Sunday 22 September 2019

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Opel will launch its first plugin hybrid next year

Wednesday, 22nd May, 2019 4:14pm

Opel will kick off its electric car revolution with the Grandland X Hybrid 4 — a four-wheel drive, 300hp plugin hybrid model that will go on sale early next year (complete with optional seventies-style black bonnet).

The powertrain uses a WLTP-certified, Euro 6d-TEMP-compliant 200 hp, 1.6 litre turbocharged direct injection four-cylinder petrol engine specially adapted to the hybrid application.

There’s also an electric drive system with two 80 kW/109hp electric motors, all-wheel drive and a 13.2 kWh lithium-ion battery. The front electric motor is coupled to an electrified eight-speed automatic transmission. The second electric motor, inverter and differential are integrated into the electrically powered rear axle to provide all-wheel traction on demand.

The engine will mostly be driven at medium to high vehicle speeds, while the lower speeds of transient driving are covered by the electric part of the powertrain.

The Opel Grandland X Hybrid4 can cover up to 50 kilometres in pure electric mode in the WLTP driving cycle. Studies have shown that in Germany, 80 per cent of all daily journeys cover a distance of under 50km, so for these customers the Grandland X Hybrid4 could potentially drive with zero emissions all of the time.

The Grandland X Hybrid4 will offer four driving modes – electric, hybrid, AWD and Sport – allowing drivers to tailor the car’s characteristics to their wishes or to specific driving conditions.

For example, choosing the hybrid mode allows the car to automatically select its most efficient method of propulsion, with the possibility of switching to electric mode for zero-emission driving when reaching a city centre. Selecting AWD mode activates the electrified rear axle for maximum traction on all kinds of roads.

As well as making the newest propulsion systems available to all drivers, the Grandland X Hybrid4 shows how Opel always keeps sight of the customer’s needs. For example, the plug socket for charging the battery via the 3.3kW on-board charger (a 6.6kW version is optional) is conveniently positioned on the opposite side of the vehicle to the fuel filler, while the battery is installed under the rear seats in order to optimise space in the interior and the boot.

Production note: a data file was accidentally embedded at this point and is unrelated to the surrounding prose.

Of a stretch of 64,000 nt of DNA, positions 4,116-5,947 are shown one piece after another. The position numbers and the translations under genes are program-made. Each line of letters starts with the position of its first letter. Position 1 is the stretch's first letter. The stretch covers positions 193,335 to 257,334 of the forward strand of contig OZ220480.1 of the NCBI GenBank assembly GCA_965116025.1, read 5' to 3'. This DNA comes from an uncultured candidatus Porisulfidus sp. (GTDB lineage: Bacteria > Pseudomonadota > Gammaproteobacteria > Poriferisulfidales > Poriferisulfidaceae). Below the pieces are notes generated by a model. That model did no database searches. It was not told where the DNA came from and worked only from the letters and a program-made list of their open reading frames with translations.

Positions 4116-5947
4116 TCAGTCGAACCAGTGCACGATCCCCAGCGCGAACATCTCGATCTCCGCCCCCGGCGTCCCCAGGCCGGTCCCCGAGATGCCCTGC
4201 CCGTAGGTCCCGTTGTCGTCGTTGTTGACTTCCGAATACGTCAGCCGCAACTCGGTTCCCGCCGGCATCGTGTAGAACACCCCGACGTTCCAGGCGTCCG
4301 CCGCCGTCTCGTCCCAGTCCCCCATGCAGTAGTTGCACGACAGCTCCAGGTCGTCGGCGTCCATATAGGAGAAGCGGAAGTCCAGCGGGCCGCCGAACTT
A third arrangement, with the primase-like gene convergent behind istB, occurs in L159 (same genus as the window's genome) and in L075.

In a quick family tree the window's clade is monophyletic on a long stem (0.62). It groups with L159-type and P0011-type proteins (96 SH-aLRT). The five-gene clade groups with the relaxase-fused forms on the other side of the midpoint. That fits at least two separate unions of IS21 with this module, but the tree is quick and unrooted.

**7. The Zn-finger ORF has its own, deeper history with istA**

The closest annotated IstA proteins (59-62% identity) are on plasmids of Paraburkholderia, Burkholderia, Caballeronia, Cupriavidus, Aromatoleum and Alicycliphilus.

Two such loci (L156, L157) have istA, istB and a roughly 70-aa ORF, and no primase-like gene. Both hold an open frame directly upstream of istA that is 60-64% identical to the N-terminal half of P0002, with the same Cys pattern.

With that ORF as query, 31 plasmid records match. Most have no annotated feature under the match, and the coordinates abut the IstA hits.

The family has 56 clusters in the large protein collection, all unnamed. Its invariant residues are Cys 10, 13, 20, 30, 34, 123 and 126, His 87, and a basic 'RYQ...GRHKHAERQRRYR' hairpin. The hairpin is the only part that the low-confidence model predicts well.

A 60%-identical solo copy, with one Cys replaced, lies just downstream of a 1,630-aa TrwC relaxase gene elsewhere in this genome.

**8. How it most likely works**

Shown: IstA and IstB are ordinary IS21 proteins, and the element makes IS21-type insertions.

Charging time depends on the type of charger in use. In addition to the cable supplied with the vehicle for charging from a domestic plug socket, Opel will offer devices for fast charging at public stations and wallboxes at home; the battery charges fully in around one hour and 50 minutes with a 7.4kW wallbox.

In order to further improve efficiency, the Grandland X Hybrid4 features a regenerative braking system to recover the energy produced under braking or deceleration.

In a conventional braking system, the mechanical energy generated by friction in the brakes is lost as heat. By converting this excess kinetic energy into electrical energy, and either using it immediately or storing it in the battery, the all-electric range of the Grandland X Hybrid4 can increase by up to 10 per cent on average.

The driver can even switch to ‘Regeneration on Demand’ for maximum energy recuperation. The drag torque of the electric motor is so high that the brake pedal need not be applied to reduce speed to a full stop in normal traffic. The Grandland X Hybrid4 is thus controlled via the accelerator (one pedal driving).

To further leverage the high voltage (300V) electrical system, the Grandland X Hybrid4 is equipped with an electrical air-conditioning compressor and an electrical heater.

The new Grandland X Hybrid4 belongs to the vanguard of Opel’s next-generation in electrified vehicles. While the Ampera-e remains on sale in selected markets, the manufacturer will globally launch within 20 months the new Corsa, the new Zafira Life MPV, the new Vivaro van and the successor of the Mokka X – each of which will feature a fully battery electric version.

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